• ... love quick prototyping and coding in an exploratory and creative way.
  • ... often produce ugly code and perhaps not best performing code.
  • ... get the job done, where others say 'too hard' or 'impossible'.
  • ... accept that production code requires adherence to different standards.

This will sound good to some people. But what hard skills are required of a skilled hacker?

  1. Data wrangling Sometimes called 'munging' this comprises a number of steps within a generic 'extract, transform and load' process. Perhaps surprisingly, getting to know, checking and cleaning the data can take up more than half of the analyst's time. The good news is that tools as simple as Excel and VBA have extraordinarily powerful methods to crunch through this stage, with the huge advantage of visual output and 'try as you go'. A hacker's paradise!
  2. Programming languages A number of articles suggest that it's a choice between R and Python:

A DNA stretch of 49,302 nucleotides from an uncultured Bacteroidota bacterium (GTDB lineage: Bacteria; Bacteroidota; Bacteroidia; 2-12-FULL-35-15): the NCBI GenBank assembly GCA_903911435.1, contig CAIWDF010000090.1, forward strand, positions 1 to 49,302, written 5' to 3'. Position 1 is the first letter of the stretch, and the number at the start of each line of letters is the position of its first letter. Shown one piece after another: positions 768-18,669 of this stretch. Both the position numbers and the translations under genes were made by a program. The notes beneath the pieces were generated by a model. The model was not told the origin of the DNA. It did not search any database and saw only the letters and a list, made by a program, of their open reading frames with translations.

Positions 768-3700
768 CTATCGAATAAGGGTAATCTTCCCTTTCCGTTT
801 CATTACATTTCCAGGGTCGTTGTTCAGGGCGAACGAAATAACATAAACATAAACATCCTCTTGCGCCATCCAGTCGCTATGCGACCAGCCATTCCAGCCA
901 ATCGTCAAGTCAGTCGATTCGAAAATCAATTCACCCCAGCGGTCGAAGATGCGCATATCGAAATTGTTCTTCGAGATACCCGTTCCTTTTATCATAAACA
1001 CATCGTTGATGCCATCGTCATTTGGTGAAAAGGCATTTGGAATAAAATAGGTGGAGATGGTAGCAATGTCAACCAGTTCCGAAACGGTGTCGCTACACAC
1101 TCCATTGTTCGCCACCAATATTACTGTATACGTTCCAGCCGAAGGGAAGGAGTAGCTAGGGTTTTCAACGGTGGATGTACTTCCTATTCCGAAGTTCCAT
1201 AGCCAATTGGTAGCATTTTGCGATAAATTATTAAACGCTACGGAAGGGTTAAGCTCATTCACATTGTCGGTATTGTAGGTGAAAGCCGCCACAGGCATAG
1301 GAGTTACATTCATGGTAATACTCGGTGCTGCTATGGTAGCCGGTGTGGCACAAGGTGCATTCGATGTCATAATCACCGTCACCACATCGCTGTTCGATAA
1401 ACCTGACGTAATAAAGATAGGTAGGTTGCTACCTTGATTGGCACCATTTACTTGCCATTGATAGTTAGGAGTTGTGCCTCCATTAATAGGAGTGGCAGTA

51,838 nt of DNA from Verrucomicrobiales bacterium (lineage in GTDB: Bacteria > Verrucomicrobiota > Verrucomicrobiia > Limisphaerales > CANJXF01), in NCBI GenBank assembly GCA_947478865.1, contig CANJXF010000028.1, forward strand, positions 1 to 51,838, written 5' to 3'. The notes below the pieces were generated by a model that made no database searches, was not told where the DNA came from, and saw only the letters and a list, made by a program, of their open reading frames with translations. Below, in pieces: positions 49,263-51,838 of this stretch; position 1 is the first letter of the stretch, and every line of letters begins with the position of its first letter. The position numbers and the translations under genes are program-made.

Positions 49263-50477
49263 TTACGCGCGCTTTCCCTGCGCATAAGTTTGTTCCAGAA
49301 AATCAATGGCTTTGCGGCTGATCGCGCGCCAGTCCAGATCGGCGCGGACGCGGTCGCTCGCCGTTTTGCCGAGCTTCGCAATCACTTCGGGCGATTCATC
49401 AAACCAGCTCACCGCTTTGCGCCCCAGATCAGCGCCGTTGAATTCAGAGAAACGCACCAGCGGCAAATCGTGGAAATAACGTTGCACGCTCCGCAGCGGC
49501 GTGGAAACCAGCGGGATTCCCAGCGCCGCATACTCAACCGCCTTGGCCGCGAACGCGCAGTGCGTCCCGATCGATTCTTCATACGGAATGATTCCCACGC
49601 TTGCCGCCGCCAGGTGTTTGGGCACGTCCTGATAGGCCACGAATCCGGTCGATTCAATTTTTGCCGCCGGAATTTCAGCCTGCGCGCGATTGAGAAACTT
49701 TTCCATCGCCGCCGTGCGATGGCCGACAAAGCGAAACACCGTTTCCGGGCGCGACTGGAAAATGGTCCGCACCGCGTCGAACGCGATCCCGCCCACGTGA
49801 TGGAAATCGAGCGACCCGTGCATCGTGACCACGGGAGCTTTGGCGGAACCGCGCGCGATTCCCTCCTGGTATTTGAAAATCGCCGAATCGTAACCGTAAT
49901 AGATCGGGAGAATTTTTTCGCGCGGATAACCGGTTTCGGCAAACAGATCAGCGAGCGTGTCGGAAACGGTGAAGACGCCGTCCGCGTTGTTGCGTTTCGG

Four main languages for Analytics, Data Mining and Data Science takes a slightly more well-rounded view, noting that SQL is a core skill. Purists will argue that this is a separate point; R and SQL can interact with databases and act at 'hosting languages' for SQL. I have a DEVeloP perspective:

    • D is for Database. Not all analyses can be carried out 'in memory'. In any case sometimes we choose to pre-process and store results.
    • E is for Excel. Used well, Excel is ridiculously good! I agree with one expert who states that Excel is the most underutilised software in the world.
    • V is for VBA. Can glue Excel to a one-billion record SQL Server database or act as a stand alone programming language. Do learn the Excel object model.